• Review on the Sigma DP2 Quattro

    Since everyone is just clamoring for an update on this, well, here it be.

    The good:
    1) Low ISO image quality is outstanding. If you are taking pictures of things that aren't just bright areas and dark areas, this is the best camera I've ever used. Really. Sharp and solid all the way across the field of view with great contrast. I pretty much always bump the contrast on shots at least a little bit but with this I left it alone.
    2) Does not transmit ebola to those who use it.

    The bad:
    1. The screen is abysmal. It has the shiniest coating on the back of anything I've ever used. In pretty much any sunlight you are blind. Further if you can see it the quality is terrible. I set up some shots off of a tripod and at 8X magnification the view was so blocky it was damn near impossible to make sure you were in focus.
    2. This is the slowest camera I have ever used. My 10 year old Nikon point and shoot is faster. You have to wait 5 seconds or so after taking the shot to see the histogram. I tried different cards but stuck with the one they supplied. 50 meg RAWs are annoying if you have no ram. And that is important because...
    3. For as good as the sensor is in a lot of situations, it is certainly not up to grade on dynamic range. In the B&W landscape below I had to bring up some of the trees about 1.5 stops and it was already starting block up. Now, the noise shown is not terrible and would look fine printed but this wasn't a huge bump in exposure. I would expect better when I bumped 4 stops on my A7R. And this leads to a problem because...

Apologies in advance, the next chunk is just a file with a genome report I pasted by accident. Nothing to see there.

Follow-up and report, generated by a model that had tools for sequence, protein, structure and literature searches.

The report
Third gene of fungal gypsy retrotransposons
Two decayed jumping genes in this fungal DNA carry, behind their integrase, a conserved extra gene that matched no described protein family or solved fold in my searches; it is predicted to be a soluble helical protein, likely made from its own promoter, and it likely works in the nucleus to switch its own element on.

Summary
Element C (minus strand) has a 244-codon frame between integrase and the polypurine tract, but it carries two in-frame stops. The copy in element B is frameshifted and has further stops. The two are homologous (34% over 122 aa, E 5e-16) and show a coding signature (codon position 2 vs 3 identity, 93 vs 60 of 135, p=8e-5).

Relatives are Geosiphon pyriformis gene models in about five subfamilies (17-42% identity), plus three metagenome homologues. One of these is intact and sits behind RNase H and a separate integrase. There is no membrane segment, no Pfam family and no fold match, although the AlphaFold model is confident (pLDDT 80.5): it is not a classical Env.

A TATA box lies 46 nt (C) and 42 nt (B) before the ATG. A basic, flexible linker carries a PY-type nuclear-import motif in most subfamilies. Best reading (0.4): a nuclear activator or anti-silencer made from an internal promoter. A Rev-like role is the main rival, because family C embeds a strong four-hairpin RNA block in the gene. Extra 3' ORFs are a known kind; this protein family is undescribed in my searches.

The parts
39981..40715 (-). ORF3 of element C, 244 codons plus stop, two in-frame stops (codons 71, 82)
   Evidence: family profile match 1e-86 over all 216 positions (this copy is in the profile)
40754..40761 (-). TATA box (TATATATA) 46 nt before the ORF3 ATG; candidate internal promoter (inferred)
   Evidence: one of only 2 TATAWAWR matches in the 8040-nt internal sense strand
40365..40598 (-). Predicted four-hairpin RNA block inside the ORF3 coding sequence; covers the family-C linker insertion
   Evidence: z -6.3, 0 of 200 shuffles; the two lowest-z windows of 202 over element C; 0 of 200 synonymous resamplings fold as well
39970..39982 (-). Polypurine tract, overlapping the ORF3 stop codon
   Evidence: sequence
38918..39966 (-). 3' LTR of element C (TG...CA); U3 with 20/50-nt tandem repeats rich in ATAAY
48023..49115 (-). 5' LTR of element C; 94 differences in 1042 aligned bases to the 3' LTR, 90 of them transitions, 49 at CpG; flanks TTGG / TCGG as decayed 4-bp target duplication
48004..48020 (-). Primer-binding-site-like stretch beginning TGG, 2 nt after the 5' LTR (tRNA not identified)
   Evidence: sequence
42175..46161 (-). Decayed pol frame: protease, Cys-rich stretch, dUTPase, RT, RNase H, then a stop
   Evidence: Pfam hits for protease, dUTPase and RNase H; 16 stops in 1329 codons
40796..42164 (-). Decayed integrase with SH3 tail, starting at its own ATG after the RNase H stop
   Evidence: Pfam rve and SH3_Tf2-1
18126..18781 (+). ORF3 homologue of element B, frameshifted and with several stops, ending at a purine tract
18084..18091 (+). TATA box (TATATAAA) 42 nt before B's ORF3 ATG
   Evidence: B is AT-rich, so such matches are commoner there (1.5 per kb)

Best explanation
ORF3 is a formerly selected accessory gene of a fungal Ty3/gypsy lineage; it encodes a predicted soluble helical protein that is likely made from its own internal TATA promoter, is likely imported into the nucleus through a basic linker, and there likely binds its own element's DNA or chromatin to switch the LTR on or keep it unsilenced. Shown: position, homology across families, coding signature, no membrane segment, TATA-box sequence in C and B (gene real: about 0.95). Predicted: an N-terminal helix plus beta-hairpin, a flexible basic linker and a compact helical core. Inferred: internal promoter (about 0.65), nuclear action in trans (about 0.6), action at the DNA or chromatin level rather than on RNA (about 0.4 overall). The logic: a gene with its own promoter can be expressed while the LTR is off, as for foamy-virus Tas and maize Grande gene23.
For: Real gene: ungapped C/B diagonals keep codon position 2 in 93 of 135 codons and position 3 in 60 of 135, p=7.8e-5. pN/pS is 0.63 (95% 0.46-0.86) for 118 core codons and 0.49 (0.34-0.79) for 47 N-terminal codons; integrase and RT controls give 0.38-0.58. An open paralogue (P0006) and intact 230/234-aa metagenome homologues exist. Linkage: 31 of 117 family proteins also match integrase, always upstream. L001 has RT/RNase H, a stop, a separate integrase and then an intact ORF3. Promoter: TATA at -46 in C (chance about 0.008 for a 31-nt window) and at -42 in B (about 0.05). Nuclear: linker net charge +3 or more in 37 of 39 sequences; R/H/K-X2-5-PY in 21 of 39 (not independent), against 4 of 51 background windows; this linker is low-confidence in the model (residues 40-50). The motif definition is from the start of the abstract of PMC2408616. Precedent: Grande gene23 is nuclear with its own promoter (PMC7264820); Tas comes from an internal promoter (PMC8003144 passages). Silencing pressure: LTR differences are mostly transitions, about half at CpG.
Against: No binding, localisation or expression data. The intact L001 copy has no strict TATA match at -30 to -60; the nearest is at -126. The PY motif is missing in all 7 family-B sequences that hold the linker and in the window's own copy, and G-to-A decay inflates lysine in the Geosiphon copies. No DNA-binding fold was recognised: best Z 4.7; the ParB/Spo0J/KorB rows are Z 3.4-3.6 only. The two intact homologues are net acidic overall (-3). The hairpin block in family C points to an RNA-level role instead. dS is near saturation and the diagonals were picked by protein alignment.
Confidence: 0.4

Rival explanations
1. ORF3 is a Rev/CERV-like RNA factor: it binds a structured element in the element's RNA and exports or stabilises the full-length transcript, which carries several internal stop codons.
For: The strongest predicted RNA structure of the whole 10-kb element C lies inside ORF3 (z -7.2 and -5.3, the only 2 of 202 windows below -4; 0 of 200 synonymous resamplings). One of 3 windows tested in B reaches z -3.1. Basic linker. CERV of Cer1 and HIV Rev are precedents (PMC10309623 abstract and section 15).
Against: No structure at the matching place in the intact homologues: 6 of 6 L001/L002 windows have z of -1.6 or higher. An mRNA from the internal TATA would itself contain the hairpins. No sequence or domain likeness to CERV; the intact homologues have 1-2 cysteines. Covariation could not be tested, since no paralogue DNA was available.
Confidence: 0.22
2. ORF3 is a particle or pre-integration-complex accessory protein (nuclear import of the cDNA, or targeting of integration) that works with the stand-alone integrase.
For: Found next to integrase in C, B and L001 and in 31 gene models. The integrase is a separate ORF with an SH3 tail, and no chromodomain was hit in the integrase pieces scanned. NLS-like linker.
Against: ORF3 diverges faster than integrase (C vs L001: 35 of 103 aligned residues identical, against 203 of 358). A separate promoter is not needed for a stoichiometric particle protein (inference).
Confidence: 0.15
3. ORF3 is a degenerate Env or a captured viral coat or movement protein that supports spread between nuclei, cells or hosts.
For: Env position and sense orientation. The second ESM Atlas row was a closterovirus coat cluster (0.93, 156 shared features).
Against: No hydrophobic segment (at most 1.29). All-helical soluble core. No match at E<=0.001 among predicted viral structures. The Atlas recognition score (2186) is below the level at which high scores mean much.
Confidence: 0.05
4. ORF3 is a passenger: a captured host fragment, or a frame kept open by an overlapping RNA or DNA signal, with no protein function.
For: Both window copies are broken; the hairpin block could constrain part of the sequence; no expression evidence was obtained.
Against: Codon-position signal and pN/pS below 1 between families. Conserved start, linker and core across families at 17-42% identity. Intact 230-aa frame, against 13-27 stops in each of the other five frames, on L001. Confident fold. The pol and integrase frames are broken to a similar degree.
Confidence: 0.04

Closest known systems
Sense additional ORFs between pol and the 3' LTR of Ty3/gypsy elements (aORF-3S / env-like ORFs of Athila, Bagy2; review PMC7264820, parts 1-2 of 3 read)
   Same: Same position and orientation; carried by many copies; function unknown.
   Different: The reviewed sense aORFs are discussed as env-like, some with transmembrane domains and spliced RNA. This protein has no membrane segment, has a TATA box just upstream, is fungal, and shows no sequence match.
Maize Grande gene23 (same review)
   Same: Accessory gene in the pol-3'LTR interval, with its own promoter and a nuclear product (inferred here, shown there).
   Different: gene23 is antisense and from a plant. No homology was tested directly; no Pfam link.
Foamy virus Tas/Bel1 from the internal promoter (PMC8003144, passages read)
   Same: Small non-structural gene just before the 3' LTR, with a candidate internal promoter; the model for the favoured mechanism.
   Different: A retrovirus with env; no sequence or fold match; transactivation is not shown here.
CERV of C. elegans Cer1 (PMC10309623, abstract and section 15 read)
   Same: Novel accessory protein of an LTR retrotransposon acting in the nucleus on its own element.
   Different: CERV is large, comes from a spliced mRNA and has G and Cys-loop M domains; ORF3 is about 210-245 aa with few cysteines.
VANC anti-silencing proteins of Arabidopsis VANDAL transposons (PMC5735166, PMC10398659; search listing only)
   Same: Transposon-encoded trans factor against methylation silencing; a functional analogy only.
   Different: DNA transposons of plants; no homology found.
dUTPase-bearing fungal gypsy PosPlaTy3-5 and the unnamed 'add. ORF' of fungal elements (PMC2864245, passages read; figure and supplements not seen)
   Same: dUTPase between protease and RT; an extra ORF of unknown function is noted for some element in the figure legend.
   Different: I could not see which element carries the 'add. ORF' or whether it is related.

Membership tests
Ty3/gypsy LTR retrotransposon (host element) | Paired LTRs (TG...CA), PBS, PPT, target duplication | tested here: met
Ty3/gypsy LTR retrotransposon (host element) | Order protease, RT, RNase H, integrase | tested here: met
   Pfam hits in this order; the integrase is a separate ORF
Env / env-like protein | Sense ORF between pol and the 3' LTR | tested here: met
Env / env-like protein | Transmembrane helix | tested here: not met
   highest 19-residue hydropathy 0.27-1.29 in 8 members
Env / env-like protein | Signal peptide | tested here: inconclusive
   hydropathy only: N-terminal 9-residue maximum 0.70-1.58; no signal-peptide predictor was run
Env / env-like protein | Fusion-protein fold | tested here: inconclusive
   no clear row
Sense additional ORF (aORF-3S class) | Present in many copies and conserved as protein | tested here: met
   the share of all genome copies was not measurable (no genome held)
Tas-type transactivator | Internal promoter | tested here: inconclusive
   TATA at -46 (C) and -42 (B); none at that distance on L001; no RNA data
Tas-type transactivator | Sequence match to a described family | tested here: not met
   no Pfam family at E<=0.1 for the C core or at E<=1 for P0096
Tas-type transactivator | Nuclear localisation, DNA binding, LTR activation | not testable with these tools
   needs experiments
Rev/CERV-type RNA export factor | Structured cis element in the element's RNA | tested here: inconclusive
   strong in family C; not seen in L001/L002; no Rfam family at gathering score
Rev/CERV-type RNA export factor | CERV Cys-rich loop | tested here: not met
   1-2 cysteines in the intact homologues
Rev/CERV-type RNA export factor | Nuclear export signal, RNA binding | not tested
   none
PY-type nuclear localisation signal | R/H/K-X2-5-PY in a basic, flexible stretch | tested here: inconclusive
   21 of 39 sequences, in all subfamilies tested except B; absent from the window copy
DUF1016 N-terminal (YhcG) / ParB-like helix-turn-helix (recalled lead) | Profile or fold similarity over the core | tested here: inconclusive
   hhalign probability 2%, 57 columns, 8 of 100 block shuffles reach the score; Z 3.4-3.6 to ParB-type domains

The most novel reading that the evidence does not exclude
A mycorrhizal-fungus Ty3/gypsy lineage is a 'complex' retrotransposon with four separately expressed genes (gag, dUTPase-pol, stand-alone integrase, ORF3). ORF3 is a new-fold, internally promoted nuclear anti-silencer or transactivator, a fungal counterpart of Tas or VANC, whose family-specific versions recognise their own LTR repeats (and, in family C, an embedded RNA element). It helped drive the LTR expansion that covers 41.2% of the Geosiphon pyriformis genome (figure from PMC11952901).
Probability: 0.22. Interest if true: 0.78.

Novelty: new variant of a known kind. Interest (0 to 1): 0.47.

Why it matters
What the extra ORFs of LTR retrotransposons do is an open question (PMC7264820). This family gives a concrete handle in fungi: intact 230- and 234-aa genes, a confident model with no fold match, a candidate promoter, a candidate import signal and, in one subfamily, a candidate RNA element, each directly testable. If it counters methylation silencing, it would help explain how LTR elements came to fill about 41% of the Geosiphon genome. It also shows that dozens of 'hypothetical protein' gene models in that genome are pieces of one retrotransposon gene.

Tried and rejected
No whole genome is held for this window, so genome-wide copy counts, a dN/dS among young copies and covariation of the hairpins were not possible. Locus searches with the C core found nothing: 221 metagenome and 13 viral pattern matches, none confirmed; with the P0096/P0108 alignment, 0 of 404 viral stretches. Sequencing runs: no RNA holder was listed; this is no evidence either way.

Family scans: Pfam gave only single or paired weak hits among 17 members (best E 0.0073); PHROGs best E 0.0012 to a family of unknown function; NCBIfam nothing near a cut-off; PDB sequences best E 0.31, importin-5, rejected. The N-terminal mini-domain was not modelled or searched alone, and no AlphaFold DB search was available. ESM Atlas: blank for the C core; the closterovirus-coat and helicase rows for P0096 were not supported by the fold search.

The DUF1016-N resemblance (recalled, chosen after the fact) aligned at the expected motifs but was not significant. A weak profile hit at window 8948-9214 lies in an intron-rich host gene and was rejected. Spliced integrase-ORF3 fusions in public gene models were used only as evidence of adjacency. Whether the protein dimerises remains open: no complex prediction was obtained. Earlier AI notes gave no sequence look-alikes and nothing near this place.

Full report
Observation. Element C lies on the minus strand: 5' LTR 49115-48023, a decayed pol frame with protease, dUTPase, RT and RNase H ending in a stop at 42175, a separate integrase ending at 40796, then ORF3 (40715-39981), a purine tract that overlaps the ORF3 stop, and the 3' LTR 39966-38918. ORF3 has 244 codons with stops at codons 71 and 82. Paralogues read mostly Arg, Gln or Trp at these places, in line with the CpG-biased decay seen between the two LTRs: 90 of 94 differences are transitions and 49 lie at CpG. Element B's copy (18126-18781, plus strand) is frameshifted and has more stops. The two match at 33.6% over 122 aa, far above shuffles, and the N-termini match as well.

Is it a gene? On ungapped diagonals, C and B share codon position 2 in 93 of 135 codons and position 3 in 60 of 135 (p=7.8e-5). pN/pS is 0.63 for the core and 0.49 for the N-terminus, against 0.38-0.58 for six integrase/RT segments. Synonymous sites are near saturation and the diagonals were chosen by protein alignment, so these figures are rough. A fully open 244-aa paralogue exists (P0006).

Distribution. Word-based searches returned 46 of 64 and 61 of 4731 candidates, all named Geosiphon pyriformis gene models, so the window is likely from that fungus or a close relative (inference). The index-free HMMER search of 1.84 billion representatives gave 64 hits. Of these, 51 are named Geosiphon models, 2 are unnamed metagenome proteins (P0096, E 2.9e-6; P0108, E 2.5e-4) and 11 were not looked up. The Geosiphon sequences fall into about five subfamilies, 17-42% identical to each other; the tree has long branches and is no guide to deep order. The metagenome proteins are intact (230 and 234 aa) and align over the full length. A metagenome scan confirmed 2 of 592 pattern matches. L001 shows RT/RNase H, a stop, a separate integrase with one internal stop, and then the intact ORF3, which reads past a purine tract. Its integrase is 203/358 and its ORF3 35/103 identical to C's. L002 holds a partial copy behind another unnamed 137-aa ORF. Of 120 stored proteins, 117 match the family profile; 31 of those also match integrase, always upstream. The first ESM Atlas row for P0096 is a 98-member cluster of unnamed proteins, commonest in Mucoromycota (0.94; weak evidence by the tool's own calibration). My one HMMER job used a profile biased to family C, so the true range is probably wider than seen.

4. The metering is just damn odd. It seems to really expose to the right to the point that I was routinely dialing in minus a stop of exposure compensation to keep the highlights from blowing. And because the dynamic range is so limited the blacks then would be gone. And when it is showing you the highlights are blown, they are really blown. Dialing them down in LR is not possible.
    5. As everyone expects, the ergonomics are just odd. It is balanced weirdly in your hand and is all sharp corners.
    6. High ISOs start at about 800 for this. 3200 is unusable. 1600 works in B&W and thinking you are Moriyama.

    The ugly:
    1. All of the above might be livable if it didn't require the use of their software to decode the RAWs. It will take about 30 seconds to a minute for each picture to be converted to a TIFF on an i7 processor computer. That is assuming the software works on your computer as it didn't on two of mine. This last point is so bad that I will make it known that I will point and laugh at you if you purchase one of these.

    If I can deal with it I'll put up a couple full size shots on Flickr. That sensor can be good in a very limited way but it is just not worth it.

    C/N Weird for the sake of being weird, the required software to undo the weirdness kills it.

    And God Blesses the Winemakers by Andy Henry Photo, on Flickr

    Things Left by Andy Henry Photo, on Flickr

    Spot Lights by Andy Henry Photo, on Flickr
    This article was originally published in forum thread: WTF Sigma? DP2 Quattro: started by jacobsen1 View original post
    Comments 42 Comments
    1. jacobsen1's Avatar
      Quote Originally Posted by Andy View Post
      this has mutated into some performance art piece.
    1. Andy's Avatar
      This is huge news: Adobe Camera Raw Update:

      dp1 Quattro*
      dp2 Quattro*

      (*) denotes preliminary support. Camera Matching color profiles for these models will be added in a future release.

      Hopefully it isn't as half-baked as the original Xtrans attempt was.
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